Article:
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What is your favorite binaural recording?
Old 28th January 2009
  #1
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bcgood's Avatar
 
🎧 15 years
Talking What is your favorite binaural recording?

The name of the thread says it all. I'm interested in hearing what your all-time favorite binaural recordings are. I know that many will be symphonic but I'm curious if anyone knows of any pop or acoustic albums that where recorded primarily with a binaraul head. I'm thinking of doing this for my own material, making an album completely with my binaural head and nothing else.
Old 29th January 2009
  #2
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🎧 10 years
Can't say I've heard a ton, but this is great cause it captures very 'real' spaces... small rooms, city streets, etc.

Tchad Blake
Document: Zimbabwe
Womad Shop | Document: Zimbabwe by Tchad Blake


s
Old 30th January 2009 | Show parent
  #3
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🎧 15 years
I'm listening to the clips right now. Very cool, I'm digging it.

Lush what about the binarual stuff you've recorded? Which do you consider your best? (He probably won't even read this ; )
Old 26th March 2010 | Show parent
  #4
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Mark A. Jay's Avatar
Favorite Binaural Recordings?

Hmmm...probably the ones that I have done. I know that sounds egotistical, but for me, like the rest of us, there are memories associated with the recordings that we make that make them more 'personal' and 'meaningful' to us.

Having said that, I would have to say that my binaural work with the Cowboy Junkies and Lee Harvey Osmond are some of my personal favorites, for the resaons cited above, but also, for their utter realism and dynamic range. I recorded both of these artists at The Ark in Ann Arbor (in the case of Lee Harvey Osmond, I recorded that band twice there, albeit with different band members).

I may be posting the Cowboy Junkies gig (recorded October 5, 2009) to a forum here shortly. If anyone's interested in hearintg it, by all means, drop me a line.

Mark
Old 27th March 2010 | Show parent
  #5
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Teddy Ray's Avatar
 
🎧 10 years
this one.

recorded by our own Plush

MSO Download Store: GRIEG: Suite No. 1 from Peer Gynt, Op. 46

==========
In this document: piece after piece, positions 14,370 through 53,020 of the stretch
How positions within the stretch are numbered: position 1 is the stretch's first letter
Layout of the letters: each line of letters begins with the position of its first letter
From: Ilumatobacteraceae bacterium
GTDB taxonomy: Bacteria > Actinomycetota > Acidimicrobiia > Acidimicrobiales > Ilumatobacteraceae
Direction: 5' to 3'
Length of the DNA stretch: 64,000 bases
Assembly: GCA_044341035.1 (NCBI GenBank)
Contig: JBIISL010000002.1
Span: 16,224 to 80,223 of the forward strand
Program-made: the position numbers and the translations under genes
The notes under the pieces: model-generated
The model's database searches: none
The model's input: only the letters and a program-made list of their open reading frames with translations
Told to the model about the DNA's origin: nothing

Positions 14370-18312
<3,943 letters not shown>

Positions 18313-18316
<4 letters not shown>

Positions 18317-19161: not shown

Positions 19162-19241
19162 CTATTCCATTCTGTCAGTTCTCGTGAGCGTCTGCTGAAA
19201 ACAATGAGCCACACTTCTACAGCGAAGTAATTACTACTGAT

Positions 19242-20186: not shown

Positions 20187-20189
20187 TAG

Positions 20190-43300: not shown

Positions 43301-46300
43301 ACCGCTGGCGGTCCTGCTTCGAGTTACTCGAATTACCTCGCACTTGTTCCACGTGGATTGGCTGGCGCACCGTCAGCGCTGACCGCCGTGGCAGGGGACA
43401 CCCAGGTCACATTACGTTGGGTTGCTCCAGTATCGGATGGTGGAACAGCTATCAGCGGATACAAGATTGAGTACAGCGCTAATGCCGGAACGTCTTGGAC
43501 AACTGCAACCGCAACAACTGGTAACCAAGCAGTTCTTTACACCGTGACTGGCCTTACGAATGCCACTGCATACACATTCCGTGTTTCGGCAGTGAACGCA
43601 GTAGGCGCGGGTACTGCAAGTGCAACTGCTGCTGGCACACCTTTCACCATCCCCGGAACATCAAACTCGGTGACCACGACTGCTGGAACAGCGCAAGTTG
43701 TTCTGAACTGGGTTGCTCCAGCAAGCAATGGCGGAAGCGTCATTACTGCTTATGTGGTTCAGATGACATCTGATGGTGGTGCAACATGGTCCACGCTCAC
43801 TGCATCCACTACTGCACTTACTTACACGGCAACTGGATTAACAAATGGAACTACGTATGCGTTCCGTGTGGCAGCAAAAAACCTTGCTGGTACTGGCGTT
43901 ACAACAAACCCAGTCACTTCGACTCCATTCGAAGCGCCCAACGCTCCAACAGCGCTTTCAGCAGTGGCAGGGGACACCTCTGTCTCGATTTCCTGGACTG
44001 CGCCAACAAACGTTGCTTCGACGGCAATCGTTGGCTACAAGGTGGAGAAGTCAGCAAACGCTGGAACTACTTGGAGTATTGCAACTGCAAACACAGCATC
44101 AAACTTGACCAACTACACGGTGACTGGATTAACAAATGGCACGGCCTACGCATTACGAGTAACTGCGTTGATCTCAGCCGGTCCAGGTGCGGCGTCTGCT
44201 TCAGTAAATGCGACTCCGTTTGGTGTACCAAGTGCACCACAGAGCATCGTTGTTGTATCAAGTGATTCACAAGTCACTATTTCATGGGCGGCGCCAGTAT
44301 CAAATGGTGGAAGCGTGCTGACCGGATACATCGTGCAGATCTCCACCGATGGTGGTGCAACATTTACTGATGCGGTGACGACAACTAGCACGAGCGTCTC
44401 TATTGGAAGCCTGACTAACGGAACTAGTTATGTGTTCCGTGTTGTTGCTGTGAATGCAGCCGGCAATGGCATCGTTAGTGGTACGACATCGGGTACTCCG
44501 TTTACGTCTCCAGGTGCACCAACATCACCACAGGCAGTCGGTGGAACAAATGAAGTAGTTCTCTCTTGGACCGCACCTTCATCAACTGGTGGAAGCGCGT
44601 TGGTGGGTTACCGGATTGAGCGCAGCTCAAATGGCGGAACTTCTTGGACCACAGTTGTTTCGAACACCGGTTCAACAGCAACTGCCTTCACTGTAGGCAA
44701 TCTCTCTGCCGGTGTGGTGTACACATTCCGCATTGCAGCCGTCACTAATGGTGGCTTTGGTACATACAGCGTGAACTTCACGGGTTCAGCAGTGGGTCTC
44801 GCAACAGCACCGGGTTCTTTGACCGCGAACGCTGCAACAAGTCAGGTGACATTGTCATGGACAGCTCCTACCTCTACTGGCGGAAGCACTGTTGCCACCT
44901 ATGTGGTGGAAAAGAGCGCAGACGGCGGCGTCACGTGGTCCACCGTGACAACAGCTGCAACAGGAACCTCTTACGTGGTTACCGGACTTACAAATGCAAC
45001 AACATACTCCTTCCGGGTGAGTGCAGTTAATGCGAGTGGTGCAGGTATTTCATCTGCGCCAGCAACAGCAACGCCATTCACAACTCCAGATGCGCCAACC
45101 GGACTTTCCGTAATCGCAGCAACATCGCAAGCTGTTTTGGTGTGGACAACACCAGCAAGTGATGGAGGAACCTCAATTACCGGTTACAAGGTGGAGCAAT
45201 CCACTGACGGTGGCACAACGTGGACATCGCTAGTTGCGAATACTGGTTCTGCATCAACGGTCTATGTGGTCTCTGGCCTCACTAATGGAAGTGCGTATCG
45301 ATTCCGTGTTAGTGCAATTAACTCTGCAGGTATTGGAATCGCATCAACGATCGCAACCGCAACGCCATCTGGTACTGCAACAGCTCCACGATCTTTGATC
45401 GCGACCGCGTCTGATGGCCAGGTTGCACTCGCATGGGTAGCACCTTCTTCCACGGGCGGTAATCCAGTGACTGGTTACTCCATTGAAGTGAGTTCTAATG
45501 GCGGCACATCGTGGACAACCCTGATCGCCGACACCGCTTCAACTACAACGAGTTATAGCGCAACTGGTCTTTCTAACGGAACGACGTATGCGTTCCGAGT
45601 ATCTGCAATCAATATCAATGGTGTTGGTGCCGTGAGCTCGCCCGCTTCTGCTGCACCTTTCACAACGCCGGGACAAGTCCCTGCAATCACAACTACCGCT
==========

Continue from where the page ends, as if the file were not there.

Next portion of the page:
Old 27th March 2010 | Show parent
  #6
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🎧 15 years
Pink Floyd's "The final Cut" is incredible!. The bar scene with the pool table, the opening scene and the bunkers and explosion in the field. It really puts you at those locations. Also, the string quartet recording is one of the coolest chamber recordings ever. Like the group is playing in the best sounding parlors right in front of you. The dynamics give you chills, and Damn David Gilmore is the Miles Davis of the electric guitar. Every note is perfect with the juiciest of tone. It has a full Wind Ensemble and Orchestra that are beautifully recorded and the all of the ensembles are melded together perfectly into one sonic masterpiece. Each ensemble recorded on this record I would put against any other individual recording of another ensemble recording of the same type. The only caveat is the snare drum is a bit wimpy for my taste.

Cameron
Old 28th March 2010 | Show parent
  #7
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bcgood's Avatar
 
🎧 15 years
Quote:
Originally Posted by Binaural_Mark ➑️
Hmmm...probably the ones that I have done. I know that sounds egotistical, but for me, like the rest of us, there are memories associated with the recordings that we make that make them more 'personal' and 'meaningful' to us.

Having said that, I would have to say that my binaural work with the Cowboy Junkies and Lee Harvey Osmond are some of my personal favorites, for the resaons cited above, but also, for their utter realism and dynamic range. I recorded both of these artists at The Ark in Ann Arbor (in the case of Lee Harvey Osmond, I recorded that band twice there, albeit with different band members).

I may be posting the Cowboy Junkies gig (recorded October 5, 2009) to a forum here shortly. If anyone's interested in hearintg it, by all means, drop me a line.

Mark
Very cool Mark, I have The Cowboy Junkies, Trinity Session cd and absolutely love that recording. I would love to hear your recording. PM or start a thread or of course, feel free to post it in this one.
Old 28th March 2010 | Show parent
  #8
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🎧 15 years
Quote:
Originally Posted by Teddy Ray ➑️
I really like this recording to. I downloaded it and have in my music library on my computer. This recording does sound great and definitely puts you in the room, great stuff!
Old 28th March 2010 | Show parent
  #9
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Mark A. Jay's Avatar
Trinity, The Ark, and so forth

Quote:
Originally Posted by bcgood ➑️
Very cool Mark, I have The Cowboy Junkies, Trinity Session cd and absolutely love that recording. I would love to hear your recording. PM or start a thread or of course, feel free to post it in this one.
Yeah, me too - it's how I got turned on to the Cowboy Junkies. I was working with binaural gear back in those days, and had heard a few close friends rave about the 'stark' and 'hoest' quality of the recording. Of course, my interest was further piqued when I had heard that an R-DAT (remember those?) was used to record it, and an Ambisonics microphone used as the transducer.